Berkshire Bowls Featured On Australian Blog

Berkshire Bowls has been featured by blogger Kylie Jackes! She has done a great writeup of the store, complete with several product photos. You can check it out here.

Published in: on March 6, 2013 at 8:11 am  Leave a Comment  
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Berkshire Bowls Featured on

Berkshire Bowls is proud to announce that we have been featured in an article on

Nerdy With Children Article on Berkshire Bowls

If you get a chance, please stop by and take a look!

Published in: on February 12, 2013 at 10:47 am  Leave a Comment  
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Food Safe Wood Finish (Part 2 of 2)

The second ‘school’ of thought is that no finish is really food safe.  This seems kind of extreme.  I do realize, however, that often in life some study comes out 20 years after you used a product that supposedly proves that in 15% of lab rats it causes cancer.  I suppose that to a complete purest, having any finish on a natural wood piece could be toxic.  The only problem is that it isn’t going to last long without any protection.  Since manufacturer’s specifically produce and market finishes as food safe and there are several that you can use (like bees wax and oils such as Tung, Walnut and even olive) that are natural, it seems unrealistic that there is nothing you can use that is food safe.

I feel that there is a happy medium in there somewhere.  If you finish something with a ‘non-food safe’ polyurethane, I would limit the direct contact to food.  Some M & M’s or chips for a dinner party might be ok for one night, but, I probably would avoid serving salad every night or other partially wet foods.  If you finish your piece in a food safe finish, that can probably be used on a more consistent basis with food.  In all cases, you do want to make sure that your piece has had ample time to dry (seeing as the drying makes it food safe).  One product that I use, suggests drying for 30-90 days before exposure to food.  I would add to that (at least in the case of polyurethane finish) that you allow it to dry that long and then clean it with a soapy sponge.  I have found that polyurethane holds up well to water and soap, so, it shouldn’t be a problem as far as ruining the piece.  The point of cleaning it is just to remove any surface residual and smell that might have accumulated before first use.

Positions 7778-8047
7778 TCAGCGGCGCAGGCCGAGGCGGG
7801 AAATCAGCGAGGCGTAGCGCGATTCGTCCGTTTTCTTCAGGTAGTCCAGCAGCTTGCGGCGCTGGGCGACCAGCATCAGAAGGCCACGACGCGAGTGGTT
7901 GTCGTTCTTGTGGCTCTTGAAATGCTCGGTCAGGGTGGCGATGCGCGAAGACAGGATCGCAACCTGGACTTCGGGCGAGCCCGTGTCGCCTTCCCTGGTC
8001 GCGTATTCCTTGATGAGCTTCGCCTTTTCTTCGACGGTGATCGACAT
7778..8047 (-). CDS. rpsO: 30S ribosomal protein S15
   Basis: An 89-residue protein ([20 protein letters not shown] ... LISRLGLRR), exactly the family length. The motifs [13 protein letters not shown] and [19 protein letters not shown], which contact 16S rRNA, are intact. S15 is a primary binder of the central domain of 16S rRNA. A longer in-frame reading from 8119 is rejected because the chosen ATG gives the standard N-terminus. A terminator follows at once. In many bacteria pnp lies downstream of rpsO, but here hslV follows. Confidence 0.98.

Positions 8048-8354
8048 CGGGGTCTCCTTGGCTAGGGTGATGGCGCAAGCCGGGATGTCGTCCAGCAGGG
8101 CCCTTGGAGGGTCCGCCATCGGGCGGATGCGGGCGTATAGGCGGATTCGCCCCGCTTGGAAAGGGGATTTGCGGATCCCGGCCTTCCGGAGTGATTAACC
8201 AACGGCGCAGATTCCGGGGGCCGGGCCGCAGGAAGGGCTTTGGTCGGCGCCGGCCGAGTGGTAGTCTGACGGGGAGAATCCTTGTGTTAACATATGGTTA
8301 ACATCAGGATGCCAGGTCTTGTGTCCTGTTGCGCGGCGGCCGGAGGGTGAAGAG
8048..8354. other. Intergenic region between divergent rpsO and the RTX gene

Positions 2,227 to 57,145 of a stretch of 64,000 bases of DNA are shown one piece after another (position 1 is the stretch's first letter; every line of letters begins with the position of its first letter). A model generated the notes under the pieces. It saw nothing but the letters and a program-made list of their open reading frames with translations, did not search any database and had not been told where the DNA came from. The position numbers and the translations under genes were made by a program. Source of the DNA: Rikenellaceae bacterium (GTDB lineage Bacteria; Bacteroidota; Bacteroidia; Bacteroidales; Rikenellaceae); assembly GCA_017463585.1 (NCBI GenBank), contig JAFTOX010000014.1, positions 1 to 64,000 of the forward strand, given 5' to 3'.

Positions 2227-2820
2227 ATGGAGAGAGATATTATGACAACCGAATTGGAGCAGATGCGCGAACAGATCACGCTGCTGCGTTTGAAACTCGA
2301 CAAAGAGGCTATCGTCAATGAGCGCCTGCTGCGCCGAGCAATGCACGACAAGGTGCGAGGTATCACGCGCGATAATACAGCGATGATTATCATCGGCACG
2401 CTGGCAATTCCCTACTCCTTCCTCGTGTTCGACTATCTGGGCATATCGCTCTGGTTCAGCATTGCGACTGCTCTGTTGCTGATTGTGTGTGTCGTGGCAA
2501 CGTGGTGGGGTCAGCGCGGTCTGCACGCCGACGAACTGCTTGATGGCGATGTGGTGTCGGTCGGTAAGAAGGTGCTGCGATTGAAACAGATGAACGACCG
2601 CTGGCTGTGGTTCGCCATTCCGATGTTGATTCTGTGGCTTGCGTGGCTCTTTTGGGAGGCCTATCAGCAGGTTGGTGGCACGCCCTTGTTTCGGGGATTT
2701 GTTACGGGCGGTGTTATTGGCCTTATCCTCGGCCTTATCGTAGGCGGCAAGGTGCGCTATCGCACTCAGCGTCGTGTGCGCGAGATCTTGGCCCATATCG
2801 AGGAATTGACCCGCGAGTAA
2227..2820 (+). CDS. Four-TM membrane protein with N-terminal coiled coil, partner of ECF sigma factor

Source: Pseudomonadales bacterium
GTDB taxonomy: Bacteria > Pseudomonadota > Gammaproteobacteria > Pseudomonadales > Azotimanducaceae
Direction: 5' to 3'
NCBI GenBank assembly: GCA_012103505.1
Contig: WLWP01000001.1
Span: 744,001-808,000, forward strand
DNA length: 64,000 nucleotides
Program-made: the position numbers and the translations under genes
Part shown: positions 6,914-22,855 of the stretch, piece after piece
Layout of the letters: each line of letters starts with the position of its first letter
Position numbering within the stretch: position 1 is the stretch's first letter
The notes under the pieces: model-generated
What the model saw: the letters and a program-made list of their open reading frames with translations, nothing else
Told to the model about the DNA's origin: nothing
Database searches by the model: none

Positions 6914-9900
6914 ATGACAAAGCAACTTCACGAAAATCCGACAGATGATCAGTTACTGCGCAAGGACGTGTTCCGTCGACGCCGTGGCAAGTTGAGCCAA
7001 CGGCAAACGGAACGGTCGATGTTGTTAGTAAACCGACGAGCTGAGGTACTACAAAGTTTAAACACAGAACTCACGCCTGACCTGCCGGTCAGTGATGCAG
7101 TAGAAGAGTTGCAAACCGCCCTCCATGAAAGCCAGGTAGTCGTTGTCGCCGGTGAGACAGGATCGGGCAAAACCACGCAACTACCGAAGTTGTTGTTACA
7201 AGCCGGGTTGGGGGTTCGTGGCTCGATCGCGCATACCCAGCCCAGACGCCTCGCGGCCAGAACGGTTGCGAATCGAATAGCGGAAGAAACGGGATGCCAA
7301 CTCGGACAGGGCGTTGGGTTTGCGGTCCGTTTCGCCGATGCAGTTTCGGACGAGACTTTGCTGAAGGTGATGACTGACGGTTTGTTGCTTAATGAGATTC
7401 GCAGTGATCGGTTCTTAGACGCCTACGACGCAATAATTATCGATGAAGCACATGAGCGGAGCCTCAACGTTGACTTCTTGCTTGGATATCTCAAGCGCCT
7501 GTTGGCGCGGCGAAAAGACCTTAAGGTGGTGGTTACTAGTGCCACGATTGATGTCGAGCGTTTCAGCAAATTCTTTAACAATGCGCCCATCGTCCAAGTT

As far as natural oils are concerned, the simple truth is that if you put them in your body on a regular basis (or could) I don’t see any problem with putting them on your precious wood food items.  The one word of caution I would have is if you are using any kind of nut oil (walnut, tung, etc).  Anyone with a allergy to nuts, may have a reaction to the oils in your piece.  I have not extensively researched nut allergies.  I certainly would not want to take a chance serving my friends out of a walnut oil bowl in case one of them was allergic.


Food Safe Wood Finish (Part 1 of 2)

I have been creating wood items for several years now.  A lot of those items are for use in the kitchen or are intended used with food.  Clearly, the finish on those products needs to be food safe.

While researching food safe finishes, I discovered some interesting facts and opinions.  I would have to say that the most interesting is that there are two schools of thought on the issue of food safe finishes.

The first ‘school’ of thought is that all finishes are food safe when they are dry.  That may seem counter intuitive until you realize that the toxic part of most (if not all) finishes is the delivery method.  Meaning, the actual finish isn’t toxic in most cases, the liquid in which the finish is dissolved is.  So, once the liquid delivery method has evaporated (which basically means the finish is dry) then the piece is food safe.  Case in point, your kitchen table.  Typically when someone refinishes a kitchen table with some sort of polyurethane, they don’t go out and find a food safe polyurethane.  They simply go to their local home improvement store and buy what is on the shelf.  None of those are specifically designed to be food safe.  Yet, over time, things are set, dropped and spilled on the finish and eaten.  I can say from experience, that any exposure to toxic materials is minimal at best.  So, while I don’t subscribe to this theory for my handmade products, I feel that it is likely true.

Published in: on March 30, 2012 at 4:43 pm  Leave a Comment  
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